Global water resources affected by human interventions and climate change. Haddeland, I., Heinke, J., Biemans, H., Eisner, S., Flörke, M., Hanasaki, N., Konzmann, M., Ludwig, F., Masaki, Y., Schewe, J., Stacke, T., Tessler, Z. D., Wada, Y., & Wisser, D. Proceedings of the National Academy of Sciences, 111(9):3251–3256, March, 2014.
Global water resources affected by human interventions and climate change [link]Paper  doi  abstract   bibtex   
Humans directly change the dynamics of the water cycle through dams constructed for water storage, and through water withdrawals for industrial, agricultural, or domestic purposes. Climate change is expected to additionally affect water supply and demand. Here, analyses of climate change and direct human impacts on the terrestrial water cycle are presented and compared using a multimodel approach. Seven global hydrological models have been forced with multiple climate projections, and with and without taking into account impacts of human interventions such as dams and water withdrawals on the hydrological cycle. Model results are analyzed for different levels of global warming, allowing for analyses in line with temperature targets for climate change mitigation. The results indicate that direct human impacts on the water cycle in some regions, e.g., parts of Asia and in the western United States, are of the same order of magnitude, or even exceed impacts to be expected for moderate levels of global warming (+2 K). Despite some spread in model projections, irrigation water consumption is generally projected to increase with higher global mean temperatures. Irrigation water scarcity is particularly large in parts of southern and eastern Asia, and is expected to become even larger in the future.
@article{haddeland_global_2014,
	title = {Global water resources affected by human interventions and climate change},
	volume = {111},
	issn = {0027-8424, 1091-6490},
	url = {http://www.pnas.org/content/111/9/3251},
	doi = {10.1073/pnas.1222475110},
	abstract = {Humans directly change the dynamics of the water cycle through dams constructed for water storage, and through water withdrawals for industrial, agricultural, or domestic purposes. Climate change is expected to additionally affect water supply and demand. Here, analyses of climate change and direct human impacts on the terrestrial water cycle are presented and compared using a multimodel approach. Seven global hydrological models have been forced with multiple climate projections, and with and without taking into account impacts of human interventions such as dams and water withdrawals on the hydrological cycle. Model results are analyzed for different levels of global warming, allowing for analyses in line with temperature targets for climate change mitigation. The results indicate that direct human impacts on the water cycle in some regions, e.g., parts of Asia and in the western United States, are of the same order of magnitude, or even exceed impacts to be expected for moderate levels of global warming (+2 K). Despite some spread in model projections, irrigation water consumption is generally projected to increase with higher global mean temperatures. Irrigation water scarcity is particularly large in parts of southern and eastern Asia, and is expected to become even larger in the future.},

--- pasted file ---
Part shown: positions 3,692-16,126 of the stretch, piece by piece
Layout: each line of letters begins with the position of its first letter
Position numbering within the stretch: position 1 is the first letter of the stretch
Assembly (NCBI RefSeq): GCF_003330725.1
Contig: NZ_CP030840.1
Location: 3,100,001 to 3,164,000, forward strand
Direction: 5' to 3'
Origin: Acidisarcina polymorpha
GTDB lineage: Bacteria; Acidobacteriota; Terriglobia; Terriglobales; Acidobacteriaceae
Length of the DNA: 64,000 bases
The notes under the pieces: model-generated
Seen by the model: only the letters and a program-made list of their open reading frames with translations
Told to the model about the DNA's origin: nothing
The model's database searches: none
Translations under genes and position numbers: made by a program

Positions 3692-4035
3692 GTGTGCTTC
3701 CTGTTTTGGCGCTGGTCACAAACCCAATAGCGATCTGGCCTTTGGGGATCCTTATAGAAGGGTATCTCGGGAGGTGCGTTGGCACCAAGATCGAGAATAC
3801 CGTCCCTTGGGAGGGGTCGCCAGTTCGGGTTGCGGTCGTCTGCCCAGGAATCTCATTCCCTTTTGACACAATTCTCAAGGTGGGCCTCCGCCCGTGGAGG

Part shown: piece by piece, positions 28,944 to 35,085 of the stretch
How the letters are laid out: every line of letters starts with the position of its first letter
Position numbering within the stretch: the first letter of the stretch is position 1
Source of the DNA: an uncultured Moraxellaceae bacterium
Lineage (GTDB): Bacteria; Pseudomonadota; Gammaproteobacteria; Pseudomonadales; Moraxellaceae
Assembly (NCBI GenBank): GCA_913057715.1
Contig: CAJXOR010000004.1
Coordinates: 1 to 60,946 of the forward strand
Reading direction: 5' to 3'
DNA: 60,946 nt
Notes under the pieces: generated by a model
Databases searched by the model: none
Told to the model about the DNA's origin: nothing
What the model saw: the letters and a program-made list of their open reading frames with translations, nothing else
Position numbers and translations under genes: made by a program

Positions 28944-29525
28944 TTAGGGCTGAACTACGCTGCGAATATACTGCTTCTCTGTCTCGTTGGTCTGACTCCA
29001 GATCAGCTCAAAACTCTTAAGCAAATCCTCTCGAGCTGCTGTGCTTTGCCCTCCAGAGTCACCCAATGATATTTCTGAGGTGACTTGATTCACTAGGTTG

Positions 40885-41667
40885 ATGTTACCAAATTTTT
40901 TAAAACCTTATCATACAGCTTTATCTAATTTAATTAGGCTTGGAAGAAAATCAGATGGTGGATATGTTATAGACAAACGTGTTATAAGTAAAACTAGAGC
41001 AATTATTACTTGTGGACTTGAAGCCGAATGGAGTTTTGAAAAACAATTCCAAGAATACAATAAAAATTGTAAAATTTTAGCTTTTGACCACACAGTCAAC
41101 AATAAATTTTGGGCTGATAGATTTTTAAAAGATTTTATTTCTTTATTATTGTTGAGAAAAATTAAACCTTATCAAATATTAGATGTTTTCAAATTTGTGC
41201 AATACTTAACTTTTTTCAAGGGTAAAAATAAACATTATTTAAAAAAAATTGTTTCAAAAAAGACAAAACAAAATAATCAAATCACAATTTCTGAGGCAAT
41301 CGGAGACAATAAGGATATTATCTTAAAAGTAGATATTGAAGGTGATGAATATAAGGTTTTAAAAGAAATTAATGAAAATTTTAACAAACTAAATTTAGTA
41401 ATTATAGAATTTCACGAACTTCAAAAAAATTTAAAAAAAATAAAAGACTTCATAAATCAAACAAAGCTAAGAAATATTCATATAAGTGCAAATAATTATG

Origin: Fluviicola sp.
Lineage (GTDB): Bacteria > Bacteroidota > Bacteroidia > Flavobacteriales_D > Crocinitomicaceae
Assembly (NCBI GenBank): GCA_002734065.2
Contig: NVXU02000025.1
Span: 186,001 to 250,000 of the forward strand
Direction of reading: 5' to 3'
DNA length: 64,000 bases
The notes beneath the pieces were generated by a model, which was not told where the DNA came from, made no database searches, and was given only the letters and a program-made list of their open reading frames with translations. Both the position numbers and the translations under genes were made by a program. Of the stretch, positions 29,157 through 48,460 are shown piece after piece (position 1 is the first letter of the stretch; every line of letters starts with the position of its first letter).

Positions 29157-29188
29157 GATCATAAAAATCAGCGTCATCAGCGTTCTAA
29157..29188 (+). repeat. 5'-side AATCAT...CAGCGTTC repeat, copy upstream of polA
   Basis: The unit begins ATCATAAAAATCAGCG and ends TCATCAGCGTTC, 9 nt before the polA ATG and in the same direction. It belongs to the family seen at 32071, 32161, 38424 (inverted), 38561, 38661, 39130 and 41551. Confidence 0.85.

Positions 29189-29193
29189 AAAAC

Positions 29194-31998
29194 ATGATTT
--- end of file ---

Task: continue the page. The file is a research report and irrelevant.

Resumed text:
language = {en},
	number = {9},
	urldate = {2017-08-25},
	journal = {Proceedings of the National Academy of Sciences},
	author = {Haddeland, Ingjerd and Heinke, Jens and Biemans, Hester and Eisner, Stephanie and Flörke, Martina and Hanasaki, Naota and Konzmann, Markus and Ludwig, Fulco and Masaki, Yoshimitsu and Schewe, Jacob and Stacke, Tobias and Tessler, Zachary D. and Wada, Yoshihide and Wisser, Dominik},
	month = mar,
	year = {2014},
	pmid = {24344275},
	pages = {3251--3256}
}

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